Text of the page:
The recent guilty plea by Maria Butina for her scheme to use Russian money to impact U.S. politics — including, potentially, part of the $30 million that the National Rifle Association spent to support President Trump’s election — has led to a renewed discussion of the warnings that Hillary Clinton campaign’s gave about foreign influence during the 2016 campaign.

But perhaps it is also time to revisit a warning that came years earlier, on Jan. 27, 2010, in one of the most unusual moments of the Barack Obama presidency.

Even if you don’t recall the date, you probably recall the incident: During Obama’s first official State of the Union address, he criticized a Supreme Court ruling, and Justice Samuel A. Alito Jr., sitting in the chamber, visibly challenged the president, shaking his head in disagreement and mouthing “not true” in response. It was considered a major “controversy” at the time (in a much gentler era).

Many remember the moment, but few remember what Obama said that caused such a ruckus. Obama’s comments were about the then-recent decision in Citizens United, in which the court de-fanged an already rickety campaign finance regulation system. Obama said:

“Last week the Supreme Court reversed a century of law that I believe will open the floodgates for special interests, including foreign corporations, to spend without limits in our elections. I don’t think American elections should be bankrolled by America’s most powerful interests, or worse, by foreign entities.”

Check out the videotape: Alito’s “not true” was spoken specifically in response to Obama’s claim about the risk of foreign influence in U.S. elections.

Now — after Butina’s plea and this week’s Senate Intelligence Committee Report detailing how Russian money fueled social media efforts to promote the Trump campaign and suppress African American voting — the prescience of Obama’s warning seems particularly acute.

Russia's disinformation campaign is designed to polarize the U.S. public. And it's still going. (Kate Woodsome, Joy Yi/The Washington Post)

At the time, Alito was not the only one to wrongly call Obama wrong. Politifact rated Obama’s statement that night “mostly false” and said he had “overstated the ruling’s immediate impact on foreign companies' ability to spend unlimited money in U.S. political campaigns.” Perhaps the impact wasn’t “immediate,” but it was devastating in the first presidential election held without an incumbent after Citizens United was handed down.

Obama’s critics can claim that what happened in 2016 was not precisely what he warned about: His comments were drawn from Justice John Paul Stevens’ powerful dissent in Citizens United, which noted that many U.S. corporations have foreign parents that could, after the ruling, funnel unlimited amounts into American campaigns through U.S. subsidiaries. In the 2016 campaign, it’s not clear if it was Russian “companies” — or the Russian government — that was funding the efforts, but U.S. corporate subsidiaries have not yet been shown to be the intermediaries.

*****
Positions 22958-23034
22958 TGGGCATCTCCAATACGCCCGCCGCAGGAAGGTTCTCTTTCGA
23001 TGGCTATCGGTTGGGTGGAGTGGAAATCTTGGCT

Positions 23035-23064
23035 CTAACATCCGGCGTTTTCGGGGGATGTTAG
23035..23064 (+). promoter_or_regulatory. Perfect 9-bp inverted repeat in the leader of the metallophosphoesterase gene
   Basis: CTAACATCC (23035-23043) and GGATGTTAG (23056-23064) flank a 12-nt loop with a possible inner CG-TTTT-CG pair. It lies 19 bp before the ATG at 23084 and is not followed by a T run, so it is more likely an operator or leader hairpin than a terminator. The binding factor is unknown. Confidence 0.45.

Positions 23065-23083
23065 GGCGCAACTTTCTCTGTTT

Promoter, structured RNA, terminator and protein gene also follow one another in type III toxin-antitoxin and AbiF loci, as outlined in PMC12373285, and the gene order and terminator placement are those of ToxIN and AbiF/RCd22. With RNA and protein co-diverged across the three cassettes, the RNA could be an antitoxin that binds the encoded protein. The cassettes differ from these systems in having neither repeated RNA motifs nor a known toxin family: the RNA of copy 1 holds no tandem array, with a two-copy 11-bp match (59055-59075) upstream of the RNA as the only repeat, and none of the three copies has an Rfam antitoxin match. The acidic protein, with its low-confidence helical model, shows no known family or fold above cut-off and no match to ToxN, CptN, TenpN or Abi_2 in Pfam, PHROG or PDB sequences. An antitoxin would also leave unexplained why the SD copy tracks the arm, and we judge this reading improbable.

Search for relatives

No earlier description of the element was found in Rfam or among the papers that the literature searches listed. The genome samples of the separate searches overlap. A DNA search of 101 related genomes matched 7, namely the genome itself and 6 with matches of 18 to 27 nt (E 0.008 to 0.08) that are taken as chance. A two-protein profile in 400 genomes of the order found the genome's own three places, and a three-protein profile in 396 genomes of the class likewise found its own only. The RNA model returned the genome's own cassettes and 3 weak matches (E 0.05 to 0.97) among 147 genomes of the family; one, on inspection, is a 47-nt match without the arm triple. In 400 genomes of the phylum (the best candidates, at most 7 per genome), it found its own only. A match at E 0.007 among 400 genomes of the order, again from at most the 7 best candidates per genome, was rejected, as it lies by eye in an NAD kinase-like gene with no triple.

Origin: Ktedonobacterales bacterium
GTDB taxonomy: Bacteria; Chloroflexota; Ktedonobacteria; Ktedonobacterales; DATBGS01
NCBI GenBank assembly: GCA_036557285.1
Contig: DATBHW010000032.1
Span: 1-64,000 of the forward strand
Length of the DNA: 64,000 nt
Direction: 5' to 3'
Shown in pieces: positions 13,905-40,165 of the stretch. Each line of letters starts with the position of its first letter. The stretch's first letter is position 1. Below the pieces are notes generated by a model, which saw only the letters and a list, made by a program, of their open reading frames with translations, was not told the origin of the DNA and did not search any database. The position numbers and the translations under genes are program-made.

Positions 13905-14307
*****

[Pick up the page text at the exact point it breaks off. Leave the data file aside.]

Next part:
And, of course, the fact that special counsel Robert S. Mueller III’s team is prosecuting people for the Russian influence scheme shows that such efforts remain illegal. So was Obama wrong when he said that Citizens United had opened “the floodgates” for foreign entities to influence our elections?

Sadly, no.

First, whatever mechanisms that were used — lawful and unlawful, subsidiaries or subterfuge — what is becoming increasingly clear about 2016 is there were a vast array of means in which foreign dollars were spent to try to affect the outcome of our presidential election. Some of those dollars (or more specifically, rubles) were spent overseas on “troll farms” and “meme farms” to pollute our social media, some bought ads in the United States, and some found their way into unregulated campaign coffers here, such as the NRA’s program to help Trump. Clearly, as Obama warned, “foreign entities” affected our elections.

What we know thus far may also just be the tip of the iceberg. Just days ago, the U.S. Court of Appeals for the District of Columbia Circuit sided with federal prosecutors (believed to be from Mueller’s office) seeking records of a foreign company in connection with their investigation of activities by that corporation that had “a direct effect in the United States.” Stay tuned.

Most important, the “wild west” of unlimited outside money unleashed by Citizens United — estimated at $1.4 billion in 2016, up roughly five times from just eight years before — helped 2016’s foreign incursion escape more widespread notice while it was happening. With so much money flooding into the system, the questions of how strange social media activity was being funded and who was paying for the NRA’s effort for Trump were just two more mysteries in our rapidly expanding dark money universe.

This is why the new House Democratic majority is wise to tackle campaign finance reform as part of the first bill they are submitting in the new Congress — H.R. 1, a package of reform measures to protect voting rights, strengthen electoral integrity and lessen special interest influence in our political system. It won’t fix everything — or even most — of what Obama worried about in the wake of Citizens United, but it is a step in the right direction.

And Justice Alito: President Obama is too polite to ask, but you can direct your apology note to Barack Obama, Obama Foundation, Chicago, Ill.

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